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Local golfer playing less, enjoying it more

Sheedy
Sheedy (Sheedy, Carroll County Times)

After a frustrating title drought, golfer Ray Sheedy returned to the top of the leaderboard recently with a come-from-behind victory at the Mid-Amateur Championship of the Maryland State Golf Association.

"This Maryland Mid-Am was the first big win I've had since college," said the Francis Scott Key High School graduate.

Sheedy used a spectacular finish to win.

In the final round, Sheedy said he knew as he teed off on the 18th hole that he needed to eagle the par 5 to tie the leader. An eagle - completing a hole in two strokes under par - is rare. Sheedy said even very good golfers only make 5-10 eagles a year.

After hitting the first two shots on the 18th hole, Sheedy was set up for a 15-foot putt to force the championship to a playoff. With the leader watching from the side, Sheedy drained his putt for a 3, forcing a playoff.

"It was really sweet," said Sheedy.

Sheedy said he recalls feeling such a high during the playoff. On the first playoff hole, Sheedy lined up for a 20-foot birdie putt - and he knocked that in as well.

He said that coming into the last hole knowing he needed an eagle and then being able to hit the shot was a "huge confidence builder."

"It was by far one of the best finishes I've ever had in my golfing life," Sheedy said of his victory.

Sheedy also played well in other state events this summer, finishing second in the Metropolitan Open and 10th in the Amateur Public Links. He is sixth in the MSGA points standings.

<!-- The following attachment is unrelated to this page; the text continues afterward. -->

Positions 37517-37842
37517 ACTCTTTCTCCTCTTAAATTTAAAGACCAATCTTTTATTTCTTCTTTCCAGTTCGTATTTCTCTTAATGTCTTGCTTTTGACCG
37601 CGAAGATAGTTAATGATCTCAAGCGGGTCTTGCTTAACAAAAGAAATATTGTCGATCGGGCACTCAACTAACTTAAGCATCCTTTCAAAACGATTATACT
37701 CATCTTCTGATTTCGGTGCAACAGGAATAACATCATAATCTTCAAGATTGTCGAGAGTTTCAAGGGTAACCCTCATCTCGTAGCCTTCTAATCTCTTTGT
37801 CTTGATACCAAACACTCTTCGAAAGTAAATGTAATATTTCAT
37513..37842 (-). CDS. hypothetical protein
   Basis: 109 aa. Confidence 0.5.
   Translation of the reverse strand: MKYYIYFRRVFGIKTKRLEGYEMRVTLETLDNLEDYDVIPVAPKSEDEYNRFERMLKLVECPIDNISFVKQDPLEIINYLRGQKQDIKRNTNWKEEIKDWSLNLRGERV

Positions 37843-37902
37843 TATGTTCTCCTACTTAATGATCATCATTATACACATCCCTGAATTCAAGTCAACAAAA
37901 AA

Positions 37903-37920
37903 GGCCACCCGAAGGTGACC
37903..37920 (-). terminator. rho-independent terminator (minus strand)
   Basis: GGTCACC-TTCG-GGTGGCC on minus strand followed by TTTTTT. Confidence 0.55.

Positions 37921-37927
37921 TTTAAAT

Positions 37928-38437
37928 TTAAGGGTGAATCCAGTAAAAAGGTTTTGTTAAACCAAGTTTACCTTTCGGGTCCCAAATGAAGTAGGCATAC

But Sheedy said he has his eyes on first place.

"I would love to win Maryland Player of the Year," he said.

In addition, Sheedy said he would like to win a US Championship like the US Mid-Amateur.

"If you win that, you get to play in the Masters and the US Open," Sheedy said.

In order to keep himself in golfing shape to be able to win a title like the Maryland Mid-Amateur, Sheedy has had to learn what works for him.

While in college, Sheedy recalls playing golf around 40 hours a week. But today with a full-time job, Sheedy said "now I'm working 40 hours a week, sometimes more."

When asked how exactly he is able to stay so good at golf while juggling a job and family, Sheedy replied that he had to find a schedule. Sheedy said that when his wife works evenings or on the weekend, he gets the opportunity to play golf. Also, Sheedy said he sometimes is able to practice in the morning for 90 minutes before work.

"I feel like I'm very lucky that my wife's schedule is flexible," said the four-time Times all-countian. "It really is just trying to utilize your time better."

Even though he is unable to practice as much as he used to, Sheedy said, "it is enough to keep me half-way sharp."

To Sheedy, who plays in 10-12 tournaments per season, that makes his finish at the Maryland Mid-Amateur even more special.

After graduating from the University of UNC-Charlotte, Sheedy had the opportunity to turn pro, but he decided against it. And now more than four years after, he said of his choice, "I don't regret it."

"I doubt that I would have a lot of the things that I have, if I would have turned pro," he said.

Sheedy said he is content with his decision. He also said he has seen a lot of his former college teammates who turned pro after graduation now struggling financially and not seeming to not enjoy golf as much.

"When you have to do something as your job, it tends to take a lot of the fun out of things," said Sheedy, "When I basically gave up on going pro, I found that I really started to enjoy the game a lot more."

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